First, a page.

As Trippi points out, Democrats can point to almost any explanation, from Russian hacking to Bernie Sanders to explain the 2016 loss, which means different factions of the party have very different views about what to do next. From the Hill:This is a theme I try to make from time to time when people argue over causes in general. The real world is complicated, and no single factor is likely to win every time. You have to evaluate how much many different factors may contribute, and you have to consider the errors in you estimates, and the extent to which factors interact.
Trippi also saw a danger for the party, in that virtually any explanation for why Clinton lost is plausible, given the narrowness of the margin.Trippi hasn’t come close to exhausting the possible explanations. Recall that Clinton communications strategist Jennifer Palmieri recently accused the Trump camp of winning because of appeals to the alt-right. Palmieri told her opposites in the Trump campaign, “I would rather lose than win the way you guys did.”
“Everybody can point to something that went wrong — and they’re right,” he said. “It makes it impossible to know what the party really needs to do.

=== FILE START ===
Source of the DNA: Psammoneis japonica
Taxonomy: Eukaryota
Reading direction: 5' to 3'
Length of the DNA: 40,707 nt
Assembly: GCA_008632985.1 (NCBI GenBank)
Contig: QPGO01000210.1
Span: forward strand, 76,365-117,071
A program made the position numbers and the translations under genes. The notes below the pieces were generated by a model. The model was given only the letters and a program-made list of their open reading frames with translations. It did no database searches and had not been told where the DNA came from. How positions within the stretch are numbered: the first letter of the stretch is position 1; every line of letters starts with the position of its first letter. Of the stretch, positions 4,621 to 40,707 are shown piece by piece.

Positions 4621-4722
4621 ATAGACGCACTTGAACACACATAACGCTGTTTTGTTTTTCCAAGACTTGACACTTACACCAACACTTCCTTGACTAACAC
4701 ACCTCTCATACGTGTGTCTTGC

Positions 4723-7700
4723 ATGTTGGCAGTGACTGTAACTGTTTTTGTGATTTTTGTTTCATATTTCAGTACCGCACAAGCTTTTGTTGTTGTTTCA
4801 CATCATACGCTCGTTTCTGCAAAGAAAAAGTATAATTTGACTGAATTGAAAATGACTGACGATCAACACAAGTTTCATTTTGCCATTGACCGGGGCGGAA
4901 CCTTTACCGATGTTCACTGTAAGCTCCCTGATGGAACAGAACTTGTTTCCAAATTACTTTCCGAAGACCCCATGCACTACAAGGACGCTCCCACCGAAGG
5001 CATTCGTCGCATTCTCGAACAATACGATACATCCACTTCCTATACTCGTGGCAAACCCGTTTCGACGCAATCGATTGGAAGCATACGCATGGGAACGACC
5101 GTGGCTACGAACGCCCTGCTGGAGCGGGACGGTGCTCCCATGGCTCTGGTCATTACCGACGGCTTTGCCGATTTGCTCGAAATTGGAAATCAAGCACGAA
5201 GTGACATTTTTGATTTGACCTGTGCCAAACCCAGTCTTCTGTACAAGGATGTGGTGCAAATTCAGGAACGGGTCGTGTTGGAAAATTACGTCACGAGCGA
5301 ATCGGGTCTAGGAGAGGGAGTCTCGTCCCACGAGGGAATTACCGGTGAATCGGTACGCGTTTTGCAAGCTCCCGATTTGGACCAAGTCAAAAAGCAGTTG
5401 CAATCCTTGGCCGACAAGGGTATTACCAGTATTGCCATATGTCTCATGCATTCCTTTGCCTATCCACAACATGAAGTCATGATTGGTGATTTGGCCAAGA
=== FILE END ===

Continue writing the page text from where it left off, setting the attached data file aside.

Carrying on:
“The [Bernie] Sanders people believe, if only we had been more populist we’d have won, and they’re right. The Hillary people believe, if only Bernie hadn’t attacked her so hard in the primary we’d have won, and they’re right. Everybody’s right.”
So to win next time, what can the Democrats do? Any number of things. Nominating a candidate who's not corrupt and scandal plagued would seem a no-brainer; but can they find one? Not leaving their email vulnerable, and not putting stupid stuff into them would also help, but it might be too much to ask. Moderating your war on the largest ethnic group in the country? It might help some, but it will be offset by a certain loss in the minority community which is a strong part of your base.